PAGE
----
Spreading the Stanford gospel
Cricket in the Caribbean was given a tremendous boost in October with the announcement of the Stanford 2020 challenge. And now the competition's representatives, almost all former West Indies internationals, are spreading the word across the region's less high-profile outposts. One has been assigned to each of the participants.
Allen Stanford, a billionaire based in Antigua, announced a $28 million investment in Caribbean cricket, with the Stanford 2020 tournament at its heart. The 17-team event, scheduled to be held between July and September 2006, will mean that the participating countries will receive around $280,000 to prepare for the event, as well as having all direct costs paid. The tournament winners will earn $1 million.
At the weekend, Alden McLaughlin, the Cayman Island's sports minister, met with Richie Richardson, the former West Indies captain who is helping Cayman Islands with their preparations. He told Richardson that the government would be an equal partner in the venture. McLaughlin said: "As a lover of West Indies cricket in the good or bad times, it's an honour to be involved in planning for Cayman's participation in this event."
It was a similar story in Anguilla, where Clive Lloyd's visit prompted the government to announce that it too would match Stanford's investment. "We are most grateful to Stanford for his generous donation to a sport that he has never played, but for which he has a passion and the desire to see West Indies cricket restored to its glory days," Benjamin Hughes, president of the Anguilla Cricket Association, told reporters.
And in the Virgin Islands, it was Courtney Walsh doing the talking. "I'm impressed with the facilities I'm seeing, but there is a little bit of work to be done," he said. "We need to get the practice surface up and running and then the guys can get started training. It's got to be the No. 1 priority."
"From a monetary standpoint, it's a big deal," Calvert Gibson, Virgin Islands Cricket Association president, explained. "Because the tournament hasn't played yet, we don't know how far it's going to go, but the money is not just for 2020. The money is for the infrastructure of cricket and the future of cricket."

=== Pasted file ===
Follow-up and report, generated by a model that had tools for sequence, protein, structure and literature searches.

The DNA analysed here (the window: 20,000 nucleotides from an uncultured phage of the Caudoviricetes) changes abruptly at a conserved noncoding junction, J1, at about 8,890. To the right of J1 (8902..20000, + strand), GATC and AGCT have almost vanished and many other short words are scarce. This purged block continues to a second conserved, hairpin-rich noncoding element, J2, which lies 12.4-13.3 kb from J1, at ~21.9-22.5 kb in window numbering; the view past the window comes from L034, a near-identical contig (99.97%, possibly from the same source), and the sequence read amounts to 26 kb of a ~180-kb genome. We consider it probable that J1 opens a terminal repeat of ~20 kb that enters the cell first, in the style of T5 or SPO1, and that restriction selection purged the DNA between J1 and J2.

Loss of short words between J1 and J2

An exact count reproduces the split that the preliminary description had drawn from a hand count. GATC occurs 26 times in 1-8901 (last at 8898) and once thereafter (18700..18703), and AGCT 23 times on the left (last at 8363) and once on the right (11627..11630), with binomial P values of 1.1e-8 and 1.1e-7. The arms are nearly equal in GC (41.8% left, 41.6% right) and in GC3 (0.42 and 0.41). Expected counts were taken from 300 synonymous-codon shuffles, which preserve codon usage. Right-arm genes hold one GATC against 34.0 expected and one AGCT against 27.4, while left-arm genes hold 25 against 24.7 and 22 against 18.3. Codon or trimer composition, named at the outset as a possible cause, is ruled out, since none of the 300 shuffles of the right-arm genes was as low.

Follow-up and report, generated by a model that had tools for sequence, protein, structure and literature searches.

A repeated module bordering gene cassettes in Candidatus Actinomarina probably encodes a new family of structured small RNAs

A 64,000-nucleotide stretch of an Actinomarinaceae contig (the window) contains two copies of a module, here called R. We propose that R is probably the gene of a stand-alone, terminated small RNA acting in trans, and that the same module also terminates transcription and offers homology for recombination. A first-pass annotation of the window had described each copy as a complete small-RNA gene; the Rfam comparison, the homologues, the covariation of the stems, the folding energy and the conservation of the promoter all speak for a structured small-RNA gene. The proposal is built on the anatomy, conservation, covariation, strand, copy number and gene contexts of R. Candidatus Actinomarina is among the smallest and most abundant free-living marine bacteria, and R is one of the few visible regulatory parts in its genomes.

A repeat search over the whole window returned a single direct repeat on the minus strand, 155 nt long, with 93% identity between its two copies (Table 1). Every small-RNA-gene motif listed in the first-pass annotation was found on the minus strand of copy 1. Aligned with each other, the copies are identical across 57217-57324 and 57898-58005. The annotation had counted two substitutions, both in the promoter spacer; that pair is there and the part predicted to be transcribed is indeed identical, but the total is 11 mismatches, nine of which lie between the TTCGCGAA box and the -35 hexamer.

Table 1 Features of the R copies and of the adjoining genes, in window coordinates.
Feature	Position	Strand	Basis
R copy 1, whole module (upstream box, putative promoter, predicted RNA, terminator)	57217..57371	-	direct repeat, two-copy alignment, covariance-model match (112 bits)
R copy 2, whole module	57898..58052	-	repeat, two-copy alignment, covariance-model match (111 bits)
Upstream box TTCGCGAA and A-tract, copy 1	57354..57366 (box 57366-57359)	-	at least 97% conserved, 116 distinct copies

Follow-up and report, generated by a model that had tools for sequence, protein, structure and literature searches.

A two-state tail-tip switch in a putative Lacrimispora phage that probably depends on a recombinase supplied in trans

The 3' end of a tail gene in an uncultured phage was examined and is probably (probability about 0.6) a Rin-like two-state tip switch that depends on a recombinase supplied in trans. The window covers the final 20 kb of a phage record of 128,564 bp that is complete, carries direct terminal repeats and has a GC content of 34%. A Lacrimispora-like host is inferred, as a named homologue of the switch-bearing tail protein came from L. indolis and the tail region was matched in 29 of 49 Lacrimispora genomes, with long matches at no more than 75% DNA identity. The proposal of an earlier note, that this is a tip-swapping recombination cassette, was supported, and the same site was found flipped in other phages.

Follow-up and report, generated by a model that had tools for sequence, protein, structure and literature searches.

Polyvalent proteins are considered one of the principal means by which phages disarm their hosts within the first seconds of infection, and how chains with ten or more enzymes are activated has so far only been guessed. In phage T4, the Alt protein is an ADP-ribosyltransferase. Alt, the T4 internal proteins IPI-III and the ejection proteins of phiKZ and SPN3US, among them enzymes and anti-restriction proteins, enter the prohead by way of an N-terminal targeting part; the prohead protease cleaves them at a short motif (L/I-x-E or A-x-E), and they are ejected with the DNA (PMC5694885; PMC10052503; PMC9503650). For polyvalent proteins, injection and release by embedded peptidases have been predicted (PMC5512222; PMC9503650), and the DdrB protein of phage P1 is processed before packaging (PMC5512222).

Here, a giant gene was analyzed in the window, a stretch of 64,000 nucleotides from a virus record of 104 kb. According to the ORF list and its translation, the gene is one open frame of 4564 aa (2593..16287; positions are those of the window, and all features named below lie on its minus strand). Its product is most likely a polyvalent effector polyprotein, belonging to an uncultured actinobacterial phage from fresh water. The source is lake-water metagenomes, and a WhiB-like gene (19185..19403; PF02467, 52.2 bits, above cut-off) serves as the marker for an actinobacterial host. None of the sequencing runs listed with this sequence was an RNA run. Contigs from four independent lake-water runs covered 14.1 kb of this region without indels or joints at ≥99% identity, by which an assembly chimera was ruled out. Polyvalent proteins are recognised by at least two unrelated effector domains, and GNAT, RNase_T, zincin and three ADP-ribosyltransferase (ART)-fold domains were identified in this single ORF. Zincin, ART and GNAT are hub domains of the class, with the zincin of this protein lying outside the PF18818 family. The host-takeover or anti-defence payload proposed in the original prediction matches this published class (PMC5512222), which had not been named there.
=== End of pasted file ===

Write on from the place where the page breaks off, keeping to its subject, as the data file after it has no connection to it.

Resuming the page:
In St Kitts, Curtley Ambrose was the ambassador. Although there was no promise of government funding, Ambrose was nevertheless bullish. "I am impressed with St. Kitts' enthusiasm about the upcoming tournament," he said. "They have strong ideas about what they want to accomplish and I think with the money from Stanford and some guidance, they should be on the right track for 2006."
In Bermuda, Lance Gibbs was more cautious. "I have looked at all the grounds and the major concern has to be the pitches," he explained. "Youngsters growing up on pitches with an uncertain bounce and the ball going in odd directions are never going to be able to develop the cricketing mind to make it.
"This money is for infrastructure and coaching to help sides prepare for next year's competition. But it isn't just about the tournament, it is about improving the standard of cricket across the region for now and for the future. It is about leaving a cricketing legacy and putting in a long-term plan to raise the level of cricket that is being played."
But the Bermuda government announced a massive $11 million investment a few months back, and that should enable them to make massive progress ahead of the 2020 and the 2007 World Cup.
In Antigua, Joel Garner visited the Factory Ground, which was once one of the country's main venues but has not recovered from the damage it suffered from the 1995 hurricane. "The present pavilion needs to be torn down and rebuilt," Garner observed. "The ground needs to be re-graded in order to facilitate proper training by the team and to be able to host domestic cricket matches. A lot of work is needed, but I believe if we start working immediately, in two months there will be a great improvement and they should be able to start using the field to prepare for the 2020."